WASHINGTON -- Frank Robinson might not have concrete plans for the next baseball season, at which point he will be closing in on his 71st birthday. But that's only because he doesn't know who will own - and thus determine the future of - the franchise he manages.
So, there's only one answer Robinson can give to the question of whether he'll be in Baltimore, tipping his cap to the fans who worship him still, for the first interleague visit by the Washington Nationals next summer.
"If I'm still here," Robinson said last week, face split in the familiar grin and a just-as-familiar laugh escaping him.
There aren't many rational reasons why Robinson wouldn't still be managing the Nationals a year from now, certainly not if his demeanor so far this year is any indication. He couldn't look more comfortable in the dugout or in his office at RFK Stadium, couldn't look more like he belongs there. And he literally has never sounded as much at ease as he has when bantering with reporters for a full half-hour before Nats games, or across his desk from a writer for another half-hour.
His team isn't playing like it's being run by some codger, either. Still mistaken by many for an expansion team, the Nationals entered Friday off three wins in four games against Atlanta, and going into yesterday were a half game out of first place in the National League East. It's still not farfetched to believe that both metropolitan area rivals will be playing ball in October, a time of year Robinson always has been familiar with.
The knee-jerk reaction is to think that he doesn't look as if his 70th birthday is less than three months away, or as if he's in his 53rd season in professional baseball. And certainly not as if he's 34 years removed from his last game as an Orioles player and 14 beyond the end of his O's managerial tenure.
Robinson, however, can set you straight on that topic as quickly as he's set anyone straight on any topic. "People ask me now, how does it feel to be almost 70," he said, "and I say, `I don't know, how am I supposed to feel?'
"I feel good physically, I feel good mentally, my energy is up," he continued. "Age really is just a number, that's all it is. You could take a thousand people at that age, and there will be a whole lot of difference between them, physically and mentally."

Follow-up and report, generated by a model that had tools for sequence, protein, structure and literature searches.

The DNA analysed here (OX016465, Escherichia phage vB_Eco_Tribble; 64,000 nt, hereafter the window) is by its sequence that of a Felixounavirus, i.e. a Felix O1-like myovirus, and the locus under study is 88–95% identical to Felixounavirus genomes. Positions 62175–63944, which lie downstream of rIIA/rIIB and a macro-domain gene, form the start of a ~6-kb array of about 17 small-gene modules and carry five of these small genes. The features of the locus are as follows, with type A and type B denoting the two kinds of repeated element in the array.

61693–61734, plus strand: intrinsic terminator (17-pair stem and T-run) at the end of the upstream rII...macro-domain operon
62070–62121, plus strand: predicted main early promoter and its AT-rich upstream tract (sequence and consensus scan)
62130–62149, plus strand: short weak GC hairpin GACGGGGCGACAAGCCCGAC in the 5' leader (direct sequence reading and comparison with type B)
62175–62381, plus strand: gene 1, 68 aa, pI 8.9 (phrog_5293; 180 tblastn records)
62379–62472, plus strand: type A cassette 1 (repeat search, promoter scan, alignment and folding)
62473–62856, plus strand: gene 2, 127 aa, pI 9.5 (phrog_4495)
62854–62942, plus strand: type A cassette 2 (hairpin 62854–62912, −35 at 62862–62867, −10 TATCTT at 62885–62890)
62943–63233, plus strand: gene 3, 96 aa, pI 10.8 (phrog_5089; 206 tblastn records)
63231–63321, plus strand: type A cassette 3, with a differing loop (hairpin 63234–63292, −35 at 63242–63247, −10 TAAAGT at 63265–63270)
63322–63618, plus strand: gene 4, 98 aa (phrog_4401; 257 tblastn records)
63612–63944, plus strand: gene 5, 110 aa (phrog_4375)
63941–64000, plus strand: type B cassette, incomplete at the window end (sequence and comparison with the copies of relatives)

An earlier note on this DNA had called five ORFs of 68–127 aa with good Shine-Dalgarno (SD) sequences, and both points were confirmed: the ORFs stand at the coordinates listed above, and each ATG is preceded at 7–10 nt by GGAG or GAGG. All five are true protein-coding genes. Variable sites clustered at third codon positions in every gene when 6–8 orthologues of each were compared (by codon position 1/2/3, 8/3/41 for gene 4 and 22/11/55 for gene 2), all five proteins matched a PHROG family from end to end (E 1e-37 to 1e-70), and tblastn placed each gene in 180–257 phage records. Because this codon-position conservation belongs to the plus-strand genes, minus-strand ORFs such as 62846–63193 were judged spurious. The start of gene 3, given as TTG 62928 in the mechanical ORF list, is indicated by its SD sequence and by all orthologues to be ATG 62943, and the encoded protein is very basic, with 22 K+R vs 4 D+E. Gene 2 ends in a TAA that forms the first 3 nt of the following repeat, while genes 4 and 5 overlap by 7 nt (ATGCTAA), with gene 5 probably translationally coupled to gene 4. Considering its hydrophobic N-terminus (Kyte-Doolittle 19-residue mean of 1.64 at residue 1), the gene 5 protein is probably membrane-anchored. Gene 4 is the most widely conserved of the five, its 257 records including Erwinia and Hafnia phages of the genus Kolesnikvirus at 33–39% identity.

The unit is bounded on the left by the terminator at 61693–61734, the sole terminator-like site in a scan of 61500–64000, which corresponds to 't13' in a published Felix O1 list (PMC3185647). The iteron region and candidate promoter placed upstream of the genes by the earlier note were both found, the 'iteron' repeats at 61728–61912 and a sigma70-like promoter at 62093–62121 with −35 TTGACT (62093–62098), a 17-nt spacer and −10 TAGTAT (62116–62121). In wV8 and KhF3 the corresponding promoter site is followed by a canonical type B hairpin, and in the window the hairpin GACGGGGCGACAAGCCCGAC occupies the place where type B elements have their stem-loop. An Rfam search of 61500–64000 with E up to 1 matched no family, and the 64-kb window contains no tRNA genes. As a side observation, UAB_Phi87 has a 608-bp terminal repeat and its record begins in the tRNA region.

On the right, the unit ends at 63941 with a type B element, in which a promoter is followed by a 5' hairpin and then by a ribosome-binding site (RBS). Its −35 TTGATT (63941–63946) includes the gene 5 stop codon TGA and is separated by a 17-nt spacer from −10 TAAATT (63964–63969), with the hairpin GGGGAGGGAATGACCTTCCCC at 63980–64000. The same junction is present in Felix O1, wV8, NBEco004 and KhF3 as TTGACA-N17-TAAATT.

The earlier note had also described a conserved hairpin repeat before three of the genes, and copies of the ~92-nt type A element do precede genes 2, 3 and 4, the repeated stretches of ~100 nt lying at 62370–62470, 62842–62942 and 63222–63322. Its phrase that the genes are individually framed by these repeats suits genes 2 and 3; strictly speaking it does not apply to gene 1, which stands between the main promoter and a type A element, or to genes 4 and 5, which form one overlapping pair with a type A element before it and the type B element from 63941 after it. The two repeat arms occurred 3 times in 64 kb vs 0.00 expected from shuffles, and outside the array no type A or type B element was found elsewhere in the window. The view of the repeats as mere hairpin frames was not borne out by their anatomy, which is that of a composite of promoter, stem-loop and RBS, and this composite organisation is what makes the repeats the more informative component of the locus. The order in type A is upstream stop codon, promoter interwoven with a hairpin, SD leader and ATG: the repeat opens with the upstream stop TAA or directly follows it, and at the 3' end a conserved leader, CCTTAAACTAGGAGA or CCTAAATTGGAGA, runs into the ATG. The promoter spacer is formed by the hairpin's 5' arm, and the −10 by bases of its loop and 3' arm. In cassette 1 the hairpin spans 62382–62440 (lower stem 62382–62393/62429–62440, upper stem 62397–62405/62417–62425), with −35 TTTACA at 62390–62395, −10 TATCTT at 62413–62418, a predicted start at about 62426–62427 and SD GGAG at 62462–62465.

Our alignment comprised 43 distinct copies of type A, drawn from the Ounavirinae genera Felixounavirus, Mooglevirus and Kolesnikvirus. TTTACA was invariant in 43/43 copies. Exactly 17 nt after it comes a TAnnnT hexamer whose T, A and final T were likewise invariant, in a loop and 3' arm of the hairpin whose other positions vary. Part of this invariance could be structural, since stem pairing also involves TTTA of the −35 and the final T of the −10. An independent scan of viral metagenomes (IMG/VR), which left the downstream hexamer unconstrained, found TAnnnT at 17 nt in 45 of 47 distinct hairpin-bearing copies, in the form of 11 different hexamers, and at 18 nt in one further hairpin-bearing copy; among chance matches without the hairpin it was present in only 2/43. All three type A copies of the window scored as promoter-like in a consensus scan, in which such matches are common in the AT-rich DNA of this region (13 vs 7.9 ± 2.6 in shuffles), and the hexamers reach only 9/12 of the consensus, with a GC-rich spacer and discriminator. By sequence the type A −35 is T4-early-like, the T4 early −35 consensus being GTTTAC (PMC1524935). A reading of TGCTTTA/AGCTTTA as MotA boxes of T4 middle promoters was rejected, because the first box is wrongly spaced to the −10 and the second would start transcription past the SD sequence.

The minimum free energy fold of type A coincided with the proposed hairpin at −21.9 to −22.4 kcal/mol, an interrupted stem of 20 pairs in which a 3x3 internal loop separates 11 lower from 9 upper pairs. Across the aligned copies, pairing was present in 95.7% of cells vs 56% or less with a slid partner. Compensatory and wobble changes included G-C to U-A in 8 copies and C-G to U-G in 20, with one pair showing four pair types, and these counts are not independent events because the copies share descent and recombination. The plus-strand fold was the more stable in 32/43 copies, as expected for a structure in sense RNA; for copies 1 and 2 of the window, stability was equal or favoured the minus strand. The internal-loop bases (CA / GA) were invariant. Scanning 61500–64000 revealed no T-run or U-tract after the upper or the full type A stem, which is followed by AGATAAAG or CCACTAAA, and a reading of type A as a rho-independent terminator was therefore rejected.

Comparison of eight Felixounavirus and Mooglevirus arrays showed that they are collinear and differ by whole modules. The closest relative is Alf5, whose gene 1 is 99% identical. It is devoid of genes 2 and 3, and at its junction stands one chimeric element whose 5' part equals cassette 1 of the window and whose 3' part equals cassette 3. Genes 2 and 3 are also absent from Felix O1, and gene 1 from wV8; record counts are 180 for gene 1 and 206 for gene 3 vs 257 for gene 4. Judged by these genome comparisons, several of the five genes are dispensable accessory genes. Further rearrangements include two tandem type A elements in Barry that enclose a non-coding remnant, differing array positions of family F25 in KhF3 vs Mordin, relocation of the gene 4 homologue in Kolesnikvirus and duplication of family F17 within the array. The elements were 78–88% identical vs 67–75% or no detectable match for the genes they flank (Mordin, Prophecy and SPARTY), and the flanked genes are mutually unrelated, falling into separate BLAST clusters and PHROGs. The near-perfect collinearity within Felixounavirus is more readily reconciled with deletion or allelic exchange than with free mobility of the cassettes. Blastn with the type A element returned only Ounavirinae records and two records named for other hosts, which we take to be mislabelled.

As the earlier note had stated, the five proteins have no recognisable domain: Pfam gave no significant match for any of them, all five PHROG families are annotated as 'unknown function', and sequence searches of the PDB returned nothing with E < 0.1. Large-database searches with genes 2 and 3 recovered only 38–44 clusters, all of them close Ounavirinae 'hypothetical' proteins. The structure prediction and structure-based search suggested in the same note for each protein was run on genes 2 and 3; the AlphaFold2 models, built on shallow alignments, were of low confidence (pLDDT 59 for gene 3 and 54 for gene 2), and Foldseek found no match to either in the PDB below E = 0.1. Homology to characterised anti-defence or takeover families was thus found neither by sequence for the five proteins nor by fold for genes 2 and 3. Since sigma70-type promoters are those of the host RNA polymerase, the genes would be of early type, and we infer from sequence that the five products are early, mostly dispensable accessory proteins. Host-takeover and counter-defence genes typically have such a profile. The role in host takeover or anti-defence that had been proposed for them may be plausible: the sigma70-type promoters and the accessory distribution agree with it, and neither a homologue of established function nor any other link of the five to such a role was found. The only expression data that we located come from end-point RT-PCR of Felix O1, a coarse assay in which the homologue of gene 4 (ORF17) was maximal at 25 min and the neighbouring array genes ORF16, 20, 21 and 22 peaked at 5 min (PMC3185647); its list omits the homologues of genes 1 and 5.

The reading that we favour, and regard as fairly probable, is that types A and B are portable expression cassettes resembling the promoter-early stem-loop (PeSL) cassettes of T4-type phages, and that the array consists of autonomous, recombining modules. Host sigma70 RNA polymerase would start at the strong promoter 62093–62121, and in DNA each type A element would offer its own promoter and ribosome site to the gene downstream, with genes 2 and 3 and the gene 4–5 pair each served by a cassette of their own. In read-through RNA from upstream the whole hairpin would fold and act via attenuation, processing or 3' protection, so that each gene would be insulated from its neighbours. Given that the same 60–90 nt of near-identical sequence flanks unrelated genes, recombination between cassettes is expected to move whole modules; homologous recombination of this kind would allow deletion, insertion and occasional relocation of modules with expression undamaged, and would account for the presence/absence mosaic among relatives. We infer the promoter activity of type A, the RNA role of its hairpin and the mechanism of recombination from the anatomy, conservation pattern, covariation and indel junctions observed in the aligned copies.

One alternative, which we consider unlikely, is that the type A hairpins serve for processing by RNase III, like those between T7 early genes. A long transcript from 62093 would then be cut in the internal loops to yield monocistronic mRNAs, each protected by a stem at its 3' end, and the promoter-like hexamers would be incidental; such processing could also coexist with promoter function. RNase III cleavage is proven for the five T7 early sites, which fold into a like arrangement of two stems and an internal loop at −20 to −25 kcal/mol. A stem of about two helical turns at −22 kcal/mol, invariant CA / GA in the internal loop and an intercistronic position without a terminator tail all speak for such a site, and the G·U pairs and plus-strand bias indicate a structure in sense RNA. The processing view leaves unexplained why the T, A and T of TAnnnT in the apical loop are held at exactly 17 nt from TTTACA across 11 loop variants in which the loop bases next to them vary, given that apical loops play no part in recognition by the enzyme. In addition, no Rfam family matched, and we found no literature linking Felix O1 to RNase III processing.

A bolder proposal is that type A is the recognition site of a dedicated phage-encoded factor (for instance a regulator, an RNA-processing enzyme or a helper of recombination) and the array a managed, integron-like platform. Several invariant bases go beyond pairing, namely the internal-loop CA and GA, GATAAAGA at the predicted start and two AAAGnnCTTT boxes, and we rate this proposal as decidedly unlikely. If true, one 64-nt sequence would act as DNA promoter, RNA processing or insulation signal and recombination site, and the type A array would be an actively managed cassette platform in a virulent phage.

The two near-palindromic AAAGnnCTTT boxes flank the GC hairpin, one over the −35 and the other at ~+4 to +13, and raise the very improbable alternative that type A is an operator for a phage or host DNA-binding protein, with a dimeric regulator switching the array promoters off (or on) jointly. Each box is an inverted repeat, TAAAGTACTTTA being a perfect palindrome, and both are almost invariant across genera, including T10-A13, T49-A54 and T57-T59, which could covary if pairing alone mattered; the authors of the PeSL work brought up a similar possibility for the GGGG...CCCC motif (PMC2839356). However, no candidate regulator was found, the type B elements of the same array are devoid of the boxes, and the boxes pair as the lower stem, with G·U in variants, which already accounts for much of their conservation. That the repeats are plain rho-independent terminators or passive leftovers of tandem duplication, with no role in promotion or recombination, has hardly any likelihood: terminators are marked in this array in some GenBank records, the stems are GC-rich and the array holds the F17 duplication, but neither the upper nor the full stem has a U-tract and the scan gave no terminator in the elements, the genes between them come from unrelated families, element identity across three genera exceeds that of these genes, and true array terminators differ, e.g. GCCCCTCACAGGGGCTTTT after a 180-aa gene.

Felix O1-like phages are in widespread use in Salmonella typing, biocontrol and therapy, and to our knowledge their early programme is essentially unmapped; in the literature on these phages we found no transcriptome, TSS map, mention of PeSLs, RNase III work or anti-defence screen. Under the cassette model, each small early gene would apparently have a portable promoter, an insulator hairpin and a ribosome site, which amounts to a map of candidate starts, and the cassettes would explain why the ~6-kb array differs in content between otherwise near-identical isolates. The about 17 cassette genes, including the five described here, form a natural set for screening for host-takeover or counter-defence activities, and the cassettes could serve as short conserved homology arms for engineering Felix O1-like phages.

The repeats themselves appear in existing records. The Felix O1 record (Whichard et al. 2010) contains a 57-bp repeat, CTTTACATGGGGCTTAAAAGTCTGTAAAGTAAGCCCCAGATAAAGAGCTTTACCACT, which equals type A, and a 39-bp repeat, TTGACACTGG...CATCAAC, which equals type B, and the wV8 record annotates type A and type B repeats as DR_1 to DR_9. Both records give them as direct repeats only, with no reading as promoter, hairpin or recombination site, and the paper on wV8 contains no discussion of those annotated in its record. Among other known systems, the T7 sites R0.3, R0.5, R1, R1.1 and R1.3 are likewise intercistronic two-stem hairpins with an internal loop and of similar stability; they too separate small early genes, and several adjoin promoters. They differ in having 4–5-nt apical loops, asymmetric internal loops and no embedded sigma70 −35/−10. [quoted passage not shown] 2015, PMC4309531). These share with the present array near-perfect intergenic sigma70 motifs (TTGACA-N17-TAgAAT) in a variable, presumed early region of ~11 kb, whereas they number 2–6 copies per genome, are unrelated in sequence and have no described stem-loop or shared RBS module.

Others may have held his age against him over the years, he said, even before he returned to the dugout in 2002 to help keep the Montreal Expos' ship afloat for Major League Baseball. But, he said, "I never held it against me."
It would be crazy to hold it against him now. He'd rather give the credit to the players who kept their heads and hearts in it while their team was being turned into nomads. But the single biggest reason the former Expos are not only existing and surviving in Washington, but also thriving two months into the season, is Frank Robinson.
One can only hope baseball appreciates what it asked Robinson to do, that it might be the toughest job a manager has ever been handed, and that they had someone available who was so willing to do it.
Robinson readily agrees with those who assume he wasn't looking to manage again, then at 66 years old, when he'd been away from the dugout for more than a decade (after Johnny Oates replaced him in May 1991). He figured he might be too old to be considered for a front office position, now that the Billy Beanes and Theo Epsteins have become the prototypes.
If he had an urge to give up being baseball's dean of discipline, he figured, it would be for a role in an ownership group. He definitely was going to stay in the game in some capacity.
"I'm not the retiring type. I'm not one to sit around," he said. "I love golf " - and he pointed to what looked like a golf-bag clearance sale in the corner of his office - "but right now I'm not going to be sitting around the house doing nothing, waiting around for a time every day to go out and play golf. I'm going to be out there in the middle of it.
"It's what I like to do. It gets in your blood."
He was talking, of course, about baseball, and the fact that he did stay in it all those years without a break, in one job at one level or another, that made the transition back to managing look as easy as it has.
"I was never not around baseball," he said. "A lot of guys in the league retire and get away from it, and then they have to make an adjustment [coming back]. But I was around it, talking to the players, understanding what they were thinking, seeing them play, seeing managers, seeing umpires, being around it all."
Robinson was exactly what the Expos needed, and so far he's been everything Washington wanted. He'll quickly repeat the mantra about fans not buying tickets to see the manager, but his presence created an instant bridge to D.C. fans, the ones getting reacquainted (or just acquainted) with baseball and the ones who had sworn their allegiance to his old Orioles, as a player and manager.
"There are still people here who don't know the Nationals are here," he said. Yet many, he added, walk up to him and recognize him, or at least say, "Hey, you look familiar."
Of course, even the most provincial local fan bleeding orange-and-black and cursing everything south of the Beltway can't hate everything about the new rivals down the road.
"Yeah," Robinson acknowledged, "a lot of them who know me, that's how they know me."